Next time, voting via retina scan?
States search for new voting systems, from smart cards to ATM-like machines - but cost is a concern.
People at Hart InterCivic were nervous. The Texas-based company had chosen election day for a pilot test of its voting equipment - a newfangled machine its designers describe as "a Palm Pilot on steroids."
Would it work? And would citizens, long accustomed to pulling a lever or punching a ballot, accept voting via computer screen?
It now seems these worries were all in vain. The perils of paper balloting, made clear after more than a month of nitpicking over chads and dimples in Florida, is prompting election officials across the US to take a hard look at their generations-old voting machinery - and begin laying multimillion-dollar plans to update it.
"There's a real sense of urgency," says Bill Stotesbery of Hart, whose staff has been fielding calls from municipalities nationwide. "We never could have anticipated the response we're getting."
Much more is at stake than a boom for the voting-gizmo industry. As municipalities begin to rethink how America votes, they are faced with a baffling array of options that are likely to determine the accuracy of election counts for generations to come.
Choices include everything from smart cards with encrypted signatures to proof-of-identity machines that can scan a voter's retina. While states and cities haven't decided yet which technology is best for them, they have begun pulling money together.
* Secretaries of state in Georgia and Kentucky are planning to spend between $100 million and $200 million each to modernize voting systems. Georgia wants to establish an electronic network connecting voting places and installing them with touch-screen machines.
* Connecticut lawmakers are proposing that $11.3 million be used to replace the state's 3,225 mechanical voting machines with touch-screen machines.
* In California, the secretary of state is proposing a $230 million plan to buy electronic voting equipment. A lawmaker, meanwhile, is working on a bill that would make the state the first in the country to implement online voting.
"Everybody is kind of in a tizzy right now," says Marti Beair, handling communications for Hart. "Nobody wants to be the next Palm Beach County.... In the past, updating voting equipment was always a cost issue for cities. Roads took priority, pot holes, parks. But now they are realizing this is hugely important."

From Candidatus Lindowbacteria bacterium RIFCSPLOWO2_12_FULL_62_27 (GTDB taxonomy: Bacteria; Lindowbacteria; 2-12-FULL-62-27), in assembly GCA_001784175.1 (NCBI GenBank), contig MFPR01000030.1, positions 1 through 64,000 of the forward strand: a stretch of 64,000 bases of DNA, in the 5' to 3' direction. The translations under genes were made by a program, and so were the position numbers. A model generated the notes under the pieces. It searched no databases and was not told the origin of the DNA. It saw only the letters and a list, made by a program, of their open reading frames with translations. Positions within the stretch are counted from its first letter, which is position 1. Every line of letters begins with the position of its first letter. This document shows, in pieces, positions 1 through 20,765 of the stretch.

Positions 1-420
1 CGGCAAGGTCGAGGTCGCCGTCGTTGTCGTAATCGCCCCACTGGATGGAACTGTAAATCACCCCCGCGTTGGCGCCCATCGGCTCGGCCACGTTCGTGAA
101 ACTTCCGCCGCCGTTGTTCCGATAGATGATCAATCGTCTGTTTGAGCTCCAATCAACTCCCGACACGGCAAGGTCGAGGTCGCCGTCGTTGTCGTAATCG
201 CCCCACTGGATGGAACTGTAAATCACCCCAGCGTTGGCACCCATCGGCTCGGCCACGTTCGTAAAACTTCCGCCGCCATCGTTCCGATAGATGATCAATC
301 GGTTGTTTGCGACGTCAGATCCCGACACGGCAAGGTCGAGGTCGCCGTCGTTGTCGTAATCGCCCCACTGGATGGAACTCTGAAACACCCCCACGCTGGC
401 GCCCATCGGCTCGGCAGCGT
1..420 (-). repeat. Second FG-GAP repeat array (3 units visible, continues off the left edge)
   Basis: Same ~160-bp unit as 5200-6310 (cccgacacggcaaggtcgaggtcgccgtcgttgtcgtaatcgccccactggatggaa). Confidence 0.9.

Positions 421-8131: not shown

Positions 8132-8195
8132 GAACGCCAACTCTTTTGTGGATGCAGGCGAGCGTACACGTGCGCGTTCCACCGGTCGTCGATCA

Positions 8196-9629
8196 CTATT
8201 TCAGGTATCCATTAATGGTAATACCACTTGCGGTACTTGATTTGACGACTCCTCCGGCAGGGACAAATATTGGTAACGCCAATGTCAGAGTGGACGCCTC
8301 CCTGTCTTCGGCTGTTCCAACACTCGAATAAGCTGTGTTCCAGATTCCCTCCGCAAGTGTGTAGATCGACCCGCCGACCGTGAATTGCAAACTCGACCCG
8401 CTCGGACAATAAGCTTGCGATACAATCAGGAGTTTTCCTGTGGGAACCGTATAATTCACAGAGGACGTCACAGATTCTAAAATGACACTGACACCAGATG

An engineering challenge
But presidents at two prestigious technical universities are hoping municipalities can wait until they complete a thorough study of the problem.
Last week, Charles Vest, president of the Massachusetts Institute of Technology in Cambridge and David Baltimore, president of the California Institute of Technology in Pasadena announced that they had received a $250,000 grant from the Carnegie Corp. to spend six months evaluating voting technology.
"To a large extent, the problem that the country has faced these past few weeks has a technological solution," said Mr. Vest. "We can send a man to the moon, put a reliable ATM on every street corner in America. We have no excuse for not having a reliable, affordable, easy-to-use voting system."
Of course, even computers are not fail-safe, experts warn. Some of the more high-tech systems had minor snafus this past election - and the more complex a system is, the more potential for problems.
"An electronic system is inherently corruptible," says Peter Neumann, a computer scientist at SRI International in Menlo Park, Calif., who favors hand counting all ballots. "It's a disaster waiting to happen."
Nevertheless, many officials are looking to bring in high-tech systems.
In New England, where tradition dies hard, officials are antsy about some of the ancient machines still in use. Bostonians, for instance, vote for president on the same machines used to elect Woodrow Wilson.
But now the lever machine - one of the first voting machines ever made - is on its way out, under a plan by Massachusetts Secretary of State William Galvin.
Three years ago, Secretary Galvin spent $2 million getting rid of the Florida-type punch cards, after a hand recount overturned a 1996 congressional race. New Hampshire, the only other state to ban punch cards, did so in 1986. Now, many other states may follow suit.
"The Palm Beach fiasco has been a kick in the pants for municipal governments," says Mike Yaffe of Shym Technology in Needham, Mass. The company has developed a way to imbed electronic signatures on a smart card or driver's license.
A citizen could carry the license into a voting booth, swipe it at an ATM-type closed-network computer, and vote.
Mr. Yaffe says he has been fielding dozens of inquiries, as well as making a few of his own. Even if officials "aren't ready to cut an order tomorrow," he says, "they are using this as an opportunity to take a long, hard look at what they're doing."
Shym is also working on fingerprint and retina-scan identification, but that is years off - mostly because people find it too invasive, says Yaffe.
It won't be cheap
Back at Hart, the eSlate system tested in two cities in Colorado and one in Texas came off with no glitches - and a lot of praise from voters. But each hand-held computerized device costs $2,500, a steep price for many municipalities.
Indeed, cost has long been the No. 1 reason voting equipment is not upgraded. "Frankly, many cities don't have the money," Galvin says. "Voting equipment is kind of like the snow plow: It gets seasonal usage, and you don't think about it unless there is a problem."
(c) Copyright 2000. The Christian Science Publishing Society